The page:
News / Americas

Mexican Conservatives Show Openness to Reform

A protester holds a symbolic coffin reading 'democracy,' Sept. 1, 2012.
A protester holds a symbolic coffin reading 'democracy,' Sept. 1, 2012.
Reuters
— Mexico's main opposition party has signaled it is ready to compromise over demands for electoral reform that risk impeding a government bill to liberalize the oil industry.
 
Last month, the conservative National Action Party (PAN) proposed an electoral reform that seeks to curb the power of the ruling Institutional Revolutionary Party, or PRI, which has dominated Mexican politics for most of the past century.
 
Until a deal is reached to revamp the electoral system, the PAN said it would not back the government's plan to open up the oil industry to more private investment, which President Enrique Pena Nieto says is vital to reverse declining crude output.
 
However, Jose Maria Martinez, deputy leader of the PAN in the Senate, told Reuters in an interview late on Tuesday his party was not drawing lines in the sand over the reform.
 
Among the PAN proposals are to introduce a second round run-off between first and second-place candidates in presidential elections. That would allow the opposition to join forces against the PRI, many of whose lawmakers are wary of the idea.
 
“There's nothing off the table for the PAN in terms of the discussion on electoral reform,” he said when asked if the second round run-off had to be part of the final bill. “We're completely prepared to debate point by point.”
 
It is far from clear the PAN would have enough support to force through a second round run-off.
 
Aside from resistance from the PRI, the Party of Democratic Revolution (PRD), the main leftist opposition group, did not see eye-to-eye with the PAN on the run-off either, Martinez said.
 
Pena Nieto is hoping to pass his energy reform this year, but the success of his proposal is likely to depend on support from the PAN because it contains constitutional changes requiring a two-thirds majority in Congress to become law.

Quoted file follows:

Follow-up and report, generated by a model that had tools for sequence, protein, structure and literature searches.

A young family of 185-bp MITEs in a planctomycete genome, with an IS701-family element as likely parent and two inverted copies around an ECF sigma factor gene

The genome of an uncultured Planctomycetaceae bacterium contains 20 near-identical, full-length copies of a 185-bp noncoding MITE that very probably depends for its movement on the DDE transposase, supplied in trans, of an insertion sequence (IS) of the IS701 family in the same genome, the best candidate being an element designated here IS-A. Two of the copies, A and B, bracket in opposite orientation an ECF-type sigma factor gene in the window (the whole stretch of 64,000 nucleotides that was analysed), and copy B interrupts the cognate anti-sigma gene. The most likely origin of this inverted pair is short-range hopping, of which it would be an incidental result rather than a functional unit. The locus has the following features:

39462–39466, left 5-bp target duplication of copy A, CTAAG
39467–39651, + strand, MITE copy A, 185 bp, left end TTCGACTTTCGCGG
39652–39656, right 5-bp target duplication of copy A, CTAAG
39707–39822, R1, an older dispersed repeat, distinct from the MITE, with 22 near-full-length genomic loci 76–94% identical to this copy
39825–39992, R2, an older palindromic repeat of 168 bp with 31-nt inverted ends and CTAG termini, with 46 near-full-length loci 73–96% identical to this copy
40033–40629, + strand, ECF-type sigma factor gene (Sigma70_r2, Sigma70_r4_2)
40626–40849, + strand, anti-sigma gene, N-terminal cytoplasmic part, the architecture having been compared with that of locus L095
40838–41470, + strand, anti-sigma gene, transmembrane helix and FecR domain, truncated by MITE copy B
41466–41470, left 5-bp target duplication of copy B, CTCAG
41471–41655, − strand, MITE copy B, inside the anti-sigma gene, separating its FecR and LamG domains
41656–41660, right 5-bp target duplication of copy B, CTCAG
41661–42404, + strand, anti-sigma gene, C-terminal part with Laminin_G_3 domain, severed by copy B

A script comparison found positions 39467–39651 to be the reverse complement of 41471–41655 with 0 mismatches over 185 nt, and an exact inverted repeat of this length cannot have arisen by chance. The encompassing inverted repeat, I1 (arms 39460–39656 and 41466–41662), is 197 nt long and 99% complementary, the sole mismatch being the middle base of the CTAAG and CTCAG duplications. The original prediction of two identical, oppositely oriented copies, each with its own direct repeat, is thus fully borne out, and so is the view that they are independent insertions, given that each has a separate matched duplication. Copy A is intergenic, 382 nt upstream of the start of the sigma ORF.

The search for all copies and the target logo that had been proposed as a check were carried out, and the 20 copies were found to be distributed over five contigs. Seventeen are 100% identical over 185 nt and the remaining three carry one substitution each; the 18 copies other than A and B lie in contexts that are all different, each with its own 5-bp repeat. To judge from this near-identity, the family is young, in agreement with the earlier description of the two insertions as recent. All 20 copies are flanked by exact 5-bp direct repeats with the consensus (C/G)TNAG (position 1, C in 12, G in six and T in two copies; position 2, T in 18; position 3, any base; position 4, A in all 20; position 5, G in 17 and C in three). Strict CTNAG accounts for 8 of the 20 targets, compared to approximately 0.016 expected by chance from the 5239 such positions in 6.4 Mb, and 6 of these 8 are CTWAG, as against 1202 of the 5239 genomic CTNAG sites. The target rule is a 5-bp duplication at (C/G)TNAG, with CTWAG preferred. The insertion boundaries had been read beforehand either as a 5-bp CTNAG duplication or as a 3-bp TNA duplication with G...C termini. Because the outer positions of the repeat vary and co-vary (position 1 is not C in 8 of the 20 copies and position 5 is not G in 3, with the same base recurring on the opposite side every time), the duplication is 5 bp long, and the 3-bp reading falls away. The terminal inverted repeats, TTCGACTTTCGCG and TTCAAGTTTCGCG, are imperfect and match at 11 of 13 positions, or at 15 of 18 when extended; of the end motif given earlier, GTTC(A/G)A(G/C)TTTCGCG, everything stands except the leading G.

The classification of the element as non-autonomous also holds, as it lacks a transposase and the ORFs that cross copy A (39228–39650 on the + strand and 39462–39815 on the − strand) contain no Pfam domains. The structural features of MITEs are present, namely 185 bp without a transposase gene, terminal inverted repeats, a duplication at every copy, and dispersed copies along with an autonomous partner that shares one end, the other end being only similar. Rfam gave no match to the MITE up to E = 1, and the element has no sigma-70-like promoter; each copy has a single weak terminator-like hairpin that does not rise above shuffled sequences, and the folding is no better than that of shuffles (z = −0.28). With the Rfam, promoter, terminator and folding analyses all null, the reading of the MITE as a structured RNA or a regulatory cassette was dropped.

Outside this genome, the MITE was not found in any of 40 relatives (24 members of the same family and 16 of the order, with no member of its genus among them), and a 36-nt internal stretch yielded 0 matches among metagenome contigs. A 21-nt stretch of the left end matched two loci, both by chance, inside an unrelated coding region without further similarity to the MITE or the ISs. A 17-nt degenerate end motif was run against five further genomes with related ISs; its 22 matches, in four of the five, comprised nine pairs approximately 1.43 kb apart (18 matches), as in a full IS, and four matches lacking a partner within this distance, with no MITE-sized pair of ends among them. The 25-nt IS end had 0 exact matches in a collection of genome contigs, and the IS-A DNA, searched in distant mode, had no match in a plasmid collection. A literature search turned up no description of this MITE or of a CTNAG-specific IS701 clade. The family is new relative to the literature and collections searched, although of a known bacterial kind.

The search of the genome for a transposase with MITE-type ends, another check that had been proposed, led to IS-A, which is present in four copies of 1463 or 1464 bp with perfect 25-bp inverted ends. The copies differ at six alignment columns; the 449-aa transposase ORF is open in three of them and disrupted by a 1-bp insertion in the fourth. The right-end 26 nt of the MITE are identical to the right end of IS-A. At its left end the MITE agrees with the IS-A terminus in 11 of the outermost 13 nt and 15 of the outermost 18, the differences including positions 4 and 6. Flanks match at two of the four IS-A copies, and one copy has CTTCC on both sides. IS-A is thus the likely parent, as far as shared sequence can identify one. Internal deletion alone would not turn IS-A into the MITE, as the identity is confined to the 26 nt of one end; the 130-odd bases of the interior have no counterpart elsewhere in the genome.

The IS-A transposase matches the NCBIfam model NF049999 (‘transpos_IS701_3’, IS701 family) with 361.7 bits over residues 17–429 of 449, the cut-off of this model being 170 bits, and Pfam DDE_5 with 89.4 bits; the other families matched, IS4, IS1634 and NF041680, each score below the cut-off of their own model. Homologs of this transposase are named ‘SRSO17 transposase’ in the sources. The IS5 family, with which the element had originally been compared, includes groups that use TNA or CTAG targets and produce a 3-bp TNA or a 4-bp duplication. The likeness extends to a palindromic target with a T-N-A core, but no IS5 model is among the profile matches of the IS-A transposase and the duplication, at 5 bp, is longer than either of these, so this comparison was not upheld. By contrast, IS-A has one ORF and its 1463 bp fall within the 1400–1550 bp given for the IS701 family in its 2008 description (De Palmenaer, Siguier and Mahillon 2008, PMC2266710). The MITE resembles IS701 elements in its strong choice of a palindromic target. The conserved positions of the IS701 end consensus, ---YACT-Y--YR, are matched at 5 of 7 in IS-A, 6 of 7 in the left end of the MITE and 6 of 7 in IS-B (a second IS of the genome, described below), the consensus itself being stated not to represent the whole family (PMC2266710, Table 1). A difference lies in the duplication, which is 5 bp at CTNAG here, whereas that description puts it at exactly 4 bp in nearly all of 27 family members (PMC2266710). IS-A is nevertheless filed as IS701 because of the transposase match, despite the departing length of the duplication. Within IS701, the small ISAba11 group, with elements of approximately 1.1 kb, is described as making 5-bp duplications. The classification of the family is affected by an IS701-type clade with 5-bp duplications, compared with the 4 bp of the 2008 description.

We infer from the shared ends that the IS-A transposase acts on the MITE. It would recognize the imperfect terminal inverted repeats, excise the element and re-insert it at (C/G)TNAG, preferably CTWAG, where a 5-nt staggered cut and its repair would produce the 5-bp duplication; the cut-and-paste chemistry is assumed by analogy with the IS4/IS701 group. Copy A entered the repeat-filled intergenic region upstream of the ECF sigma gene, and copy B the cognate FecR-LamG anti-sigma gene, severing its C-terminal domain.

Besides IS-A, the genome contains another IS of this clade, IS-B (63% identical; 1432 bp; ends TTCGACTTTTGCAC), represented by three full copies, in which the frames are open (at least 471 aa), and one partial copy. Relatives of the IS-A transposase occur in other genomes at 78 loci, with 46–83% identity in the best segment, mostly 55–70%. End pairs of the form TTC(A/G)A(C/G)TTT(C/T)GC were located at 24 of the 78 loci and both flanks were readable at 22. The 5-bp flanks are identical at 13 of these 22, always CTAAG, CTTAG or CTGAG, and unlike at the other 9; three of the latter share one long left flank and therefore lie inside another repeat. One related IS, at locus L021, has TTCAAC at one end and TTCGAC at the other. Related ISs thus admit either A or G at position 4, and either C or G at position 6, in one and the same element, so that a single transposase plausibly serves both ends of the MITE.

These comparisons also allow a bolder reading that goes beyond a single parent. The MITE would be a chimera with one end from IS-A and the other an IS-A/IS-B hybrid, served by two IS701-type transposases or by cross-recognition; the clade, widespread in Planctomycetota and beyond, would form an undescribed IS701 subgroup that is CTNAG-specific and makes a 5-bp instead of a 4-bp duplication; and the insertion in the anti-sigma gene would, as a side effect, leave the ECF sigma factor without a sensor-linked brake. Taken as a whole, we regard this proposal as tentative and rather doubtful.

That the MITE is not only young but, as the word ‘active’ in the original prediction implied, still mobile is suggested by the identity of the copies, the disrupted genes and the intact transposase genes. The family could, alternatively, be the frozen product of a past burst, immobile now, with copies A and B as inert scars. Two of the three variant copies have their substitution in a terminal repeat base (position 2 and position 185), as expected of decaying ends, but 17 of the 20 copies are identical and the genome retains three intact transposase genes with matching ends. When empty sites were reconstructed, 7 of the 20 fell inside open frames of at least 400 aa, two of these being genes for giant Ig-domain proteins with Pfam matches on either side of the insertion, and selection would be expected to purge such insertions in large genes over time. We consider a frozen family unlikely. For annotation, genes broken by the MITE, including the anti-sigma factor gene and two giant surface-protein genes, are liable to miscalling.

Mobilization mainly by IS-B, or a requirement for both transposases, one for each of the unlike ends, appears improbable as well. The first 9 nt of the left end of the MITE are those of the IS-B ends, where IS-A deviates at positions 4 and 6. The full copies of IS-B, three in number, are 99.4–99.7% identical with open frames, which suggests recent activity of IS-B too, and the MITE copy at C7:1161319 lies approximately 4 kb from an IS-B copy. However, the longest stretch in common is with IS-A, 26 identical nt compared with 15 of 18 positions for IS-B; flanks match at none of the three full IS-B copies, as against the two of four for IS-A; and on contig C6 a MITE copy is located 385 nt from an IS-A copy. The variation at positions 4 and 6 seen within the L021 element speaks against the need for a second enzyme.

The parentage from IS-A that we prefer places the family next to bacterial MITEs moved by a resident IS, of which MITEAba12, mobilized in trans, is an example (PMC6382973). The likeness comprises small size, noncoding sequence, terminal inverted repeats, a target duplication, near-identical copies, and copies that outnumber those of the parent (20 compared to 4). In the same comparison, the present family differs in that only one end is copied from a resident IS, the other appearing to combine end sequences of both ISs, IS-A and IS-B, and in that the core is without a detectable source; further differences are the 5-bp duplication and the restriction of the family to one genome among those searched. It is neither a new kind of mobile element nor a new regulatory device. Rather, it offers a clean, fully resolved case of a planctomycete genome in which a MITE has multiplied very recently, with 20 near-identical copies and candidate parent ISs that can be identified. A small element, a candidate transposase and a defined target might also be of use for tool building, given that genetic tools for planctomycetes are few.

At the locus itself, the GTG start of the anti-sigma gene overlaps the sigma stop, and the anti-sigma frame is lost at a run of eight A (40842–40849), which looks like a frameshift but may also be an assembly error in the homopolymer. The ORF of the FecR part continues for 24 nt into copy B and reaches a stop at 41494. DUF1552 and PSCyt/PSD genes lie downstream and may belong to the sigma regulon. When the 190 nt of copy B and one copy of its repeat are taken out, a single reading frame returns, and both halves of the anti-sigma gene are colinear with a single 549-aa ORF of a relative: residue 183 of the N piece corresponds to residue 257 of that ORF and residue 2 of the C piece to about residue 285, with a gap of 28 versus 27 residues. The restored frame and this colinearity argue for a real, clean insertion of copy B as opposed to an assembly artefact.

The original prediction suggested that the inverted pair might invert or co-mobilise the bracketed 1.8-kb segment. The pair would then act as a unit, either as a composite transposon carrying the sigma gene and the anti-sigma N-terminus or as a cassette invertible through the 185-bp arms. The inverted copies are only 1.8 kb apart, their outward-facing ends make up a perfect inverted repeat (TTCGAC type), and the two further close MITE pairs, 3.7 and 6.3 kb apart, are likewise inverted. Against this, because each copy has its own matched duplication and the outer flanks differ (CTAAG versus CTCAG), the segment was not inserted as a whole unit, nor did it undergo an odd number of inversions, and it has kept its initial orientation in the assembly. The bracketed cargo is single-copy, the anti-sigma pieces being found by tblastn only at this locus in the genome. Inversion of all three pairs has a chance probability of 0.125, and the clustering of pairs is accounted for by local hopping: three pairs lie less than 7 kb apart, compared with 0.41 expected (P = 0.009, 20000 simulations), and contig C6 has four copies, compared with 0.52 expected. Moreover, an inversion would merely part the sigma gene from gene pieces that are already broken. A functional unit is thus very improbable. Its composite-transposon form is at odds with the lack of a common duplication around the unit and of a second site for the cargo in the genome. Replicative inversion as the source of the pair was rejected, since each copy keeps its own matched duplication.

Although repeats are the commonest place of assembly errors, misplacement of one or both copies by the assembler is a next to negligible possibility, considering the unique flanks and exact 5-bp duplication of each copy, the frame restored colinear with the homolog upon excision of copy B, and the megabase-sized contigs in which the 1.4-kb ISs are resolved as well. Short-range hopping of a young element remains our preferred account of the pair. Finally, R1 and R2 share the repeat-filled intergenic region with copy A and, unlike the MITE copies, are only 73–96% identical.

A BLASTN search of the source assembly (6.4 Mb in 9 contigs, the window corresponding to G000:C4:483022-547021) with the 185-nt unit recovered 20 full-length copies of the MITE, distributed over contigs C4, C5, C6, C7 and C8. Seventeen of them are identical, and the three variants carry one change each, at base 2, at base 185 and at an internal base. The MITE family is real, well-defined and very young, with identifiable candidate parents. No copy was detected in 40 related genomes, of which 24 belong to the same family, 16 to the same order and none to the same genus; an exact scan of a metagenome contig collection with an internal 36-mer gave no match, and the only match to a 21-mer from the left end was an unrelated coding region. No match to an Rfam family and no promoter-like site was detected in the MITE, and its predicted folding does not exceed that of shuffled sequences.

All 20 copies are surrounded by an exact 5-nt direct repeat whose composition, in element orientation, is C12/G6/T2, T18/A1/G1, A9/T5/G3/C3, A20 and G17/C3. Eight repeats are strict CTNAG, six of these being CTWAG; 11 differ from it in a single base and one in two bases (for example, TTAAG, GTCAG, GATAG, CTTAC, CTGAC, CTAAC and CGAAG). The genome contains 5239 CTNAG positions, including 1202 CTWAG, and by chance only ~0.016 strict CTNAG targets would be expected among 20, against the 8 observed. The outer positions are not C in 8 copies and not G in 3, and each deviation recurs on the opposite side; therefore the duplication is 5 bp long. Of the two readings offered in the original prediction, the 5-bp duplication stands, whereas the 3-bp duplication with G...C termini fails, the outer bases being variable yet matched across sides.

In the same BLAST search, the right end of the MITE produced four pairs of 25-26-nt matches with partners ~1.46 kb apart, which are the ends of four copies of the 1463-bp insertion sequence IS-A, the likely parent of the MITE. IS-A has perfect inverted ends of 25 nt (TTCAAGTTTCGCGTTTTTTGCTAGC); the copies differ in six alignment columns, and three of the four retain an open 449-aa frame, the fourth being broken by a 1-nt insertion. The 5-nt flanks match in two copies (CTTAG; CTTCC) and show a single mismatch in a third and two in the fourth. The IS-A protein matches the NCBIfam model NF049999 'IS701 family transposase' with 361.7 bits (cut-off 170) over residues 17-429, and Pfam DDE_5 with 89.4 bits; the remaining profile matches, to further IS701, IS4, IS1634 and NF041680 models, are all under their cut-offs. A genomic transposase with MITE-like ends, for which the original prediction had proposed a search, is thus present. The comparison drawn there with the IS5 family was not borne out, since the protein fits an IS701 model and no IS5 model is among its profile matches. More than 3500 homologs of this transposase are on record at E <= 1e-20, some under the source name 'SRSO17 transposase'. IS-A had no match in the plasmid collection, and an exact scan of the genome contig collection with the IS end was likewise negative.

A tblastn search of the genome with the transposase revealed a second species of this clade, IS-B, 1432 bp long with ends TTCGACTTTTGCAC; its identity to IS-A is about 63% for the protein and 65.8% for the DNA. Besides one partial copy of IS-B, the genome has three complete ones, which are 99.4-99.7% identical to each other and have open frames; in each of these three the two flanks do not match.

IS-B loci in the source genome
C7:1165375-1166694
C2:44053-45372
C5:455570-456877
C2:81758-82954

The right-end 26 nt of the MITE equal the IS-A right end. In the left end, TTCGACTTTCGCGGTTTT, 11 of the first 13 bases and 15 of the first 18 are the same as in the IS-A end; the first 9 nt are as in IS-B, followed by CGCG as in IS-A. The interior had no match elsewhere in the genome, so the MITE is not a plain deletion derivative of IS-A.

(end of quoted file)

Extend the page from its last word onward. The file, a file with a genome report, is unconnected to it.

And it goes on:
At the same time, the president is scrambling to push through a fiscal reform tied to the 2014 budget, a package which only has until mid-November to be approved.
 
Failure to pass the electoral reform risks creating a logjam in Congress that could seriously hamper the president's efforts to ramp up growth in the Mexican economy, which has averaged barely 2 percent since the start of the millennium.
 
Consensus forming

In 2000, the PAN broke the PRI's 71-year hold on power with the election of Vicente Fox as president.
 
Nonetheless, in opposition, the PRI remained a potent force, helping to thwart many efforts to change the country by Fox and his PAN successor Felipe Calderon, before the party recaptured the presidency with Pena Nieto last year.
 
Opposition parties have sought to change the electoral system to improve their chance against the PRI, which has always governed at least half of the states in the country.
 
The PRI's failure to secure a majority in Congress last year presented the opposition with an opportunity as Pena Nieto sought help from his rivals to push through economic reforms.
 
Sealing a joint pact with opposition leaders to work together on revamping Latin America's second biggest economy, Pena Nieto also agreed to help pass an electoral reform.
 
Martinez said early talks between the parties suggested Congress should be able to pass key elements of the PAN plan, such as allowing direct re-election of federal lawmakers, who at present are barred by law from serving consecutive terms.
 
“At this moment, we're seeing the possibility of reaching a concrete deal on the re-election of lower house deputies and senators for one term,” he said, noting that there might still be scope to agree on a higher number of re-election periods.
 
Critics of the PRI say that prohibiting re-election has historically enabled the party, not voters, to have the biggest say on who sits in Congress.
 
Still, Martinez said the PRI was also “well disposed” towards the PAN's proposal of raising the minimum threshold required for a party to enter Congress to five percent of the national vote from two percent now.
 
The current threshold has been abused by some smaller parties, Martinez said, arguing that they took advantage of generous political funding to operate as “businesses”.
 
Based on the results of the 2012 federal elections, the proposed change would cut the parties in Congress to four from seven, with Mexico's Greens, coalition allies of the PRI, the fourth largest power with around six percent of the vote.

You May Like